If there is a way to miraculously part the Red Sea without black Christians drowning over the same- sex marriage debate, I think civil rights icon and theologian Dr. Otis Moss, Jr. and his son Otis Moss III, pastor of Chicago’s Trinity United Church of Christ, may have found it.
Recently, father and son laid out a two-pronged scenario that offers a way for concerned African American Christians to oppose President Obama’s embrace of gay marriage without abandoning him in the upcoming election.
In a statement to African American clergy, Moss III urged fellow pastors and skeptical African American Christians to not only make a distinction between Obama as president and as pastor but also between rights and rites.
“We should never misconstrue rights designed to protect diverse individuals in a pluralistic society versus religious rites designed by faith communities to communicate a theological or doctrinal perspective,” Moss III said. “These two questions are answered in two fundamentally different arenas. One is answered in the arena of civic debate where the constitution is the document of authority. The other is answered in the realm of ecclesiastical councils where theology, conscience and biblical mandates are the guiding mandates.”
Making a plea for separation of church and state, Moss added: “Ecclesiastical councils are not equipped to shape civil legislation nor are civic legislation nor or civic representatives equipped to shape religious rituals and doctrine.”
Meanwhile the elder Moss, a close confidante of Obama, urged dissenting blacks not to make this a single issue election.“Our ancestors prayed for 389 years to place a person of color in the White House,” he said. So the question becomes if Obama is indeed an answered prayer, can one single issue, no matter how deeply felt, break that special bond?
The president’s announcement on gay marriage, even two weeks removed, continues to anger many in the black community. Many of these African Americans see the Bible as the primary source of their lifestyle, and they resent politicians who, in their view, wish to change scripture for the sake of polls, politics and popularity. Recent poll esults are mixed on the issue: A poll by Pew Research Center found that 39 percent of all African Americans support legalized same-sex marriage while 47 percent of whites support it; a new Washington Post/ABC poll, however, found that 59 percent of blacks support gay marriage, the highest levels ever recorded (the Post poll acknowledges a small sample of blacks were polled).
Still, since the issue blew up, I have received numerous angry calls. One exchange went like this:
Caller: Barbara, what... is going on with Obama? I thought he was a Christian.
Me: He is a Christian. Reverends Jesse Jackson, Al Sharpton and NAACP’s Julian Bond all agree with the president.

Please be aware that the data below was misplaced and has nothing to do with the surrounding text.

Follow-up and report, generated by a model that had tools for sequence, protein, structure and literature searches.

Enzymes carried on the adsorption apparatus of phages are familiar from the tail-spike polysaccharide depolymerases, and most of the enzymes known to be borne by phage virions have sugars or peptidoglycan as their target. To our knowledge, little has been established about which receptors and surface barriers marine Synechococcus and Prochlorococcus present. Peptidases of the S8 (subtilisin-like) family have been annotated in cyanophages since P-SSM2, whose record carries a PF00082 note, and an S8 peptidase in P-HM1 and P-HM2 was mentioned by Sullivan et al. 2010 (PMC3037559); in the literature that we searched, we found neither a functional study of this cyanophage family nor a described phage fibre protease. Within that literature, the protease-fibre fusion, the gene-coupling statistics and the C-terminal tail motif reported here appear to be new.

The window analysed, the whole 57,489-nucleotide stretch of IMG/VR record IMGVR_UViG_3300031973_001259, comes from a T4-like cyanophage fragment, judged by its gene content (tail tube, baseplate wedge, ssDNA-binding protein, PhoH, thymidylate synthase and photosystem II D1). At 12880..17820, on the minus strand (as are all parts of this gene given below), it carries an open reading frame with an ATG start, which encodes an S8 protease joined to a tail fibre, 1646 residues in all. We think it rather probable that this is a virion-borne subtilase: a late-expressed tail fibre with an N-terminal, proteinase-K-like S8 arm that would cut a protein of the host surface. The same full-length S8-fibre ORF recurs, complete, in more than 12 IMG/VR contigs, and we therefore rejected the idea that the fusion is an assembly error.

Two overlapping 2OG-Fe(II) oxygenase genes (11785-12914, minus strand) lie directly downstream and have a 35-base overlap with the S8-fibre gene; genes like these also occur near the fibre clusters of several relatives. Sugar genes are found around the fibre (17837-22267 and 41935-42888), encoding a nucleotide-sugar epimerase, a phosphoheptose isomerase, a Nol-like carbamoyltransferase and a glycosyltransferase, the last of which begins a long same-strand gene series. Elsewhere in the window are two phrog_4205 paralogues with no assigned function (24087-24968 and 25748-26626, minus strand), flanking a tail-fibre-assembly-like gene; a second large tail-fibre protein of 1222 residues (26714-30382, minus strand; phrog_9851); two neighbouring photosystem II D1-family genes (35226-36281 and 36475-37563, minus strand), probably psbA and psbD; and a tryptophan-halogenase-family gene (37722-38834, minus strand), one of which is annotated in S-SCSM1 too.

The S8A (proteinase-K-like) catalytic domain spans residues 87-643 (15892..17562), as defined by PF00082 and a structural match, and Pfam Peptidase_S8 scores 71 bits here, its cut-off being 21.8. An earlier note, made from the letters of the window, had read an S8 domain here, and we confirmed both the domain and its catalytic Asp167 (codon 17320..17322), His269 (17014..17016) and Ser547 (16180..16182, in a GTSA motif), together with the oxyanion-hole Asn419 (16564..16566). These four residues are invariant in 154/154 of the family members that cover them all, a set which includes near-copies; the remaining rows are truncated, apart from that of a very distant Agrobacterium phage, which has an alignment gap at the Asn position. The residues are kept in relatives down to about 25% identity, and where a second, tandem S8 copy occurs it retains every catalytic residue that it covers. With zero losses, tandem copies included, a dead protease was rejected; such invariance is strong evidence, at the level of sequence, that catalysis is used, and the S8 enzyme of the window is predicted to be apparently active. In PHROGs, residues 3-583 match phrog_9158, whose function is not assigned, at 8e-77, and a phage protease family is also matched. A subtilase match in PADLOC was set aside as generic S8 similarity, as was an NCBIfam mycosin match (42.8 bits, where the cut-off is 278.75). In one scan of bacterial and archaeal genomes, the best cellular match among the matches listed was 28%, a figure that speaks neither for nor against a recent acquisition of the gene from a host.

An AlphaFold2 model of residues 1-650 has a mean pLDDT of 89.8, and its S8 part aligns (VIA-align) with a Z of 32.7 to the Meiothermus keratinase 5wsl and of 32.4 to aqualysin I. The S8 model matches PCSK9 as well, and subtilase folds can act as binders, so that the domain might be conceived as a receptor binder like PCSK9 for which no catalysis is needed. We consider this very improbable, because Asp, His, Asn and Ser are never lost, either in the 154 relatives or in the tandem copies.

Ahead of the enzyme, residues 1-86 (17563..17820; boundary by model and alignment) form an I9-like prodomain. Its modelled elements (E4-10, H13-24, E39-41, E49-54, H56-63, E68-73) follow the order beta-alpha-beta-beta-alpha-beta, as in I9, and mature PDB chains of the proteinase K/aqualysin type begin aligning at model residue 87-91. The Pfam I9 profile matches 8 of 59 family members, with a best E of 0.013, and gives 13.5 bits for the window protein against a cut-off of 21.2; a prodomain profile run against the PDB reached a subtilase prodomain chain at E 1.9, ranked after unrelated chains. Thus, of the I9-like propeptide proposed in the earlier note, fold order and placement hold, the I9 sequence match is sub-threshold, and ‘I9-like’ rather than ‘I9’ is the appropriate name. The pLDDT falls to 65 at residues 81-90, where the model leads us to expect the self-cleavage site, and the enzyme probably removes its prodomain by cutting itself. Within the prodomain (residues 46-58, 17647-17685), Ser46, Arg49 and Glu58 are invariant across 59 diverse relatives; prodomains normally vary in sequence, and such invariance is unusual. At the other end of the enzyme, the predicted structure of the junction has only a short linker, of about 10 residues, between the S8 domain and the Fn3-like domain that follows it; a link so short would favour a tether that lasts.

Caller: I don’t [care] if the Pope said men could marry each other, until my Bible says that, I’m not voting for Obama.
Me: You don’t have any choice, you certainly couldn’t vote for Romney. Robbing the poor and the widows is also a sin which the Romney crowd does well.
Caller: I have a choice; I can stay home and...vote for Jesus.
But in the younger Moss’s view, if marriage is being attacked, it is not by the president’s evolution on gay marriage but by men viewing women as property, low wages, unfair tax policy and “by clergy who proclaim monogamy, yet think nothing of stepping outside the bonds of marriage to have multiple affairs with ‘preaching groupies.’” That last part might have made some rock throwers put down their stones.
The younger Moss reminded ministers last week of the dangers of being one-issue voters and that Obama is not the president of the Sanctified or Holiness Church. With unmatched eloquence he said, ‘Gay people have never been the enemy, and when we use rhetoric to suggest they are the source of our problems, we lie on God and cause tears to flow from the eyes of Christ.”
But while many African American Christians agree with Moss and condemn hate speech or discrimination against homosexuals they still don’t want the Word of God defining marriage tampered with.
That point was forcefully made by the Rev. Anthony Evans, president of the National Black Church Initiative, a faith-based coalition of 34,000 churches made up of 15 denominations and 15.7 million African Americans. “We love our gay brothers and sisters, but the black church will never support gay marriage, which is and it always will be against the ethics and teaching of our Lord Jesus Christ. Obama’s position will cost him a substantial amount of the black Christian vote.”
There is a long road ahead to November. And as African Americans weigh the important issues of jobs, health care, foreclosures and the demise of the middle class, black clergy leaders are counting on Obama’s stance on same-sex marriage losing its punch. Maybe the Moss model of protecting the political rights of gays as well as the religious rites of churches will work a miracle one more time.
Reynolds is an ordained minister and columnist for TheRootDC and the author of six books, including “Out of Hell and Living Well, Healing from the Inside Out,” a spiritual biography which describes her personal battle with addiction and the program she launched to help others. For her other columns:
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